George S. Ledyard
Most Aikido practitioners who do weapons, especially sword, cannot adequately tell you how what they do directly ties into their empty hand. To my mind, if it's aiki sword or aiki jo, then the principles at work are identical to those at work in the empty hand. One should delineate what those are. If not, then probably what is going on is a bunch of "stick whapping" and really has no relation to the empty hand.
At a seminar I taught once, I was breaking down a set of Saotome Sensei's forms at a level of detail that the attendees were clearly not used to. One stated that he wasn't doing sword to actually be a swordsman, he just wanted to make his empty hand better. I challenged him to tell me how doing bad sword could possibly make his empty hand better.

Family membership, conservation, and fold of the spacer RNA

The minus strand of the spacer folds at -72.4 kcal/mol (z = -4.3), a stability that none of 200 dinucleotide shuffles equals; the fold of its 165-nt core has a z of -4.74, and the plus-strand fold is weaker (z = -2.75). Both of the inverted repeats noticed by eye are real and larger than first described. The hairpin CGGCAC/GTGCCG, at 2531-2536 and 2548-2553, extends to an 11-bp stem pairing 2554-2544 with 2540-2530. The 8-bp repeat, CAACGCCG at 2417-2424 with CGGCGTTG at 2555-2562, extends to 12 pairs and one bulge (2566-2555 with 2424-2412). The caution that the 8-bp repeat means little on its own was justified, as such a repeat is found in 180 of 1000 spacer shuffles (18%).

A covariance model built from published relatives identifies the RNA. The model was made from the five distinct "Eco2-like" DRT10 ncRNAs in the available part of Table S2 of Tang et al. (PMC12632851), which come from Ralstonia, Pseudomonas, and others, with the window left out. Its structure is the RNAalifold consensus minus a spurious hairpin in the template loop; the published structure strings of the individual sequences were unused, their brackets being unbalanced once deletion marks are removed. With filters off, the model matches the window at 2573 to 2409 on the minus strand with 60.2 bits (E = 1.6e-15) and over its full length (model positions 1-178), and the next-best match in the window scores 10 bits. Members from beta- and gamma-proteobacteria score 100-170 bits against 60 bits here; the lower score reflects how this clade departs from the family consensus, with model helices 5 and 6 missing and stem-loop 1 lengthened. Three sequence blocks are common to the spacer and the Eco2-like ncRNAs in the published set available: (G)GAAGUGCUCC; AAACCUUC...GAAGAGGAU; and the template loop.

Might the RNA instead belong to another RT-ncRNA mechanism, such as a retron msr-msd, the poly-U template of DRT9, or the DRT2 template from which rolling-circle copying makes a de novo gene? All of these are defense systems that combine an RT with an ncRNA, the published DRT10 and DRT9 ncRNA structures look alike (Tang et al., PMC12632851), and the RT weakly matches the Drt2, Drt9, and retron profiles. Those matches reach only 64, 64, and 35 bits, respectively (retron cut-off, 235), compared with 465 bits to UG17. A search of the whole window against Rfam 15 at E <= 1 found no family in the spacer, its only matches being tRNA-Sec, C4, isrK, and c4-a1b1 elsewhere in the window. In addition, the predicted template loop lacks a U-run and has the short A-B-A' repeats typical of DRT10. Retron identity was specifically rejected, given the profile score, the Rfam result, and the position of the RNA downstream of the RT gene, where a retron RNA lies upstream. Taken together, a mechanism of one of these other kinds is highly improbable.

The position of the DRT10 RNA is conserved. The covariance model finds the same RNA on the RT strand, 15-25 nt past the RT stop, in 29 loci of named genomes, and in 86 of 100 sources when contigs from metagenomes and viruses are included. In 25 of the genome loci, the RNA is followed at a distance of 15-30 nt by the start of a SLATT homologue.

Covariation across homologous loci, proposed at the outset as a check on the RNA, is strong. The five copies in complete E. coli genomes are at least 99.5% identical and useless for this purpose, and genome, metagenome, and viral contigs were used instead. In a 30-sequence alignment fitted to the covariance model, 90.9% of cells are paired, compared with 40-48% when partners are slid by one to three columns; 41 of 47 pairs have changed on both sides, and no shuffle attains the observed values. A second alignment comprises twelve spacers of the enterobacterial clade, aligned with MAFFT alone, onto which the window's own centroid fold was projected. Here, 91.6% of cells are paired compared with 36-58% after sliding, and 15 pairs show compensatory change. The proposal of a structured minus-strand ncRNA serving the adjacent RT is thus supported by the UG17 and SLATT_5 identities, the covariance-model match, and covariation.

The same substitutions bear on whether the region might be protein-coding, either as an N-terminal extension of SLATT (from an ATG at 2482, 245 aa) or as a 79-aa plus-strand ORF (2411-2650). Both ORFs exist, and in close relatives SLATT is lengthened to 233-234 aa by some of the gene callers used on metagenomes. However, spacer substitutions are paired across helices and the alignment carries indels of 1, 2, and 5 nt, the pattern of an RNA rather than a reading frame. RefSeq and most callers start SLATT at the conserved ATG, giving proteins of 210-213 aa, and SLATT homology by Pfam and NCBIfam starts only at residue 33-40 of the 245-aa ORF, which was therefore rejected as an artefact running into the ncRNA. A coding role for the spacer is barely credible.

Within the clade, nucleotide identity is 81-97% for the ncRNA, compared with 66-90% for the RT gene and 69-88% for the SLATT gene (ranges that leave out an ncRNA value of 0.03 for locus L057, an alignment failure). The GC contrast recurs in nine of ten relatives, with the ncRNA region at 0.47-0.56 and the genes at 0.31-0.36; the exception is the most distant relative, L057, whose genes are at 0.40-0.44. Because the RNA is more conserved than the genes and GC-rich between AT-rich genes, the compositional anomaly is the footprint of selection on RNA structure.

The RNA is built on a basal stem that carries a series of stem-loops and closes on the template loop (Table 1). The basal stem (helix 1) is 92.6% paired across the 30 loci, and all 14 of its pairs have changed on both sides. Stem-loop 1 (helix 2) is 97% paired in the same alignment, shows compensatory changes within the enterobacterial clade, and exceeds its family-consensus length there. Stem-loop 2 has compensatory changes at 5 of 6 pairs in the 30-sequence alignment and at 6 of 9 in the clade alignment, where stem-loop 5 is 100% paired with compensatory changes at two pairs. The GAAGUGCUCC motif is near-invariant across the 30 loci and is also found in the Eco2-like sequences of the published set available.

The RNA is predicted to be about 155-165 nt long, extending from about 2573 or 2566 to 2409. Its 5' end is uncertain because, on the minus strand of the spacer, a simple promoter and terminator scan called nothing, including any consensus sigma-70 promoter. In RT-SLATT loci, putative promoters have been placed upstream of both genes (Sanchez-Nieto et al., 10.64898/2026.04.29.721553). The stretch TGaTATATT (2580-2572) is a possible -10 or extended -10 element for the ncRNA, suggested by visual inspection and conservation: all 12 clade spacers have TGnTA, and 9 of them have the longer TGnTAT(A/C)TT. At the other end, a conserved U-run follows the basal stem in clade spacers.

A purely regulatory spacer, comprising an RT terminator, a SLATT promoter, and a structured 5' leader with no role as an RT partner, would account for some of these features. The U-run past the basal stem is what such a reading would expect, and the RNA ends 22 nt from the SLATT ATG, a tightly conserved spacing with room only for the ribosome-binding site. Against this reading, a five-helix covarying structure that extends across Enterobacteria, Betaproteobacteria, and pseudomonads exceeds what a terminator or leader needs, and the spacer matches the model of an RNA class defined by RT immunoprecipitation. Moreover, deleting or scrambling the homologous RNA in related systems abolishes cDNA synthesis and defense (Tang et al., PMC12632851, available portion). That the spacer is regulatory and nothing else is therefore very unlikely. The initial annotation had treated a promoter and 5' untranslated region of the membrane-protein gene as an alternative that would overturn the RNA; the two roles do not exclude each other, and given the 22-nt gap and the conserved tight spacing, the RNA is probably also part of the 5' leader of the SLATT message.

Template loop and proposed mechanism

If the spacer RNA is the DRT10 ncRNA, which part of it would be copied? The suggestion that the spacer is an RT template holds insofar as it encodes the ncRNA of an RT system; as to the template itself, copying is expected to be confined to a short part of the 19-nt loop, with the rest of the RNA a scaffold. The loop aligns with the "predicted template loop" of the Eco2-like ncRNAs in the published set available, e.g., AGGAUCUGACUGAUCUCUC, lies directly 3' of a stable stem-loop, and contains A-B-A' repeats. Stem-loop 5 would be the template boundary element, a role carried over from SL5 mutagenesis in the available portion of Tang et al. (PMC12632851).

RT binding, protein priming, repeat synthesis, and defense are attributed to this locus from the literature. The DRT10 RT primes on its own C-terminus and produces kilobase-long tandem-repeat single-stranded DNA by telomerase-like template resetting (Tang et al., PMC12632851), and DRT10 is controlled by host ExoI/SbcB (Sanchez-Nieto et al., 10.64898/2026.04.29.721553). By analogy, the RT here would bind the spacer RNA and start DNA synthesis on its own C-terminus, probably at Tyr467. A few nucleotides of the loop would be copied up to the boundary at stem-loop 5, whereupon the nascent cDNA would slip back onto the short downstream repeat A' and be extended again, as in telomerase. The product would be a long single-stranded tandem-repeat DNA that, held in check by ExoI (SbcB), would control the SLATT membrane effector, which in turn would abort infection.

Totally agree, however I question the idea that "real" swordsmanship improves aikido more than properly understood Aikiken. I believe, from experience, that many aspects of unarmed combat derive from lessons learnt in armed combat, most importantly that survival is often measured in a "hair's thickness". Precision, timing, distance, rythym, postural alignment, focus, relaxation, etc., etc.
I also agree that "stick whapping", whilst lots of fun for the testosterone impaired, bears little relationship to empty hand, it also bears virtually none to swordsmanship. Thus I can only conclude that those who don't learn much from aikiken would probably not learn much from working with a shinken. Those who are serious, shin ken, would learn with a chop stick.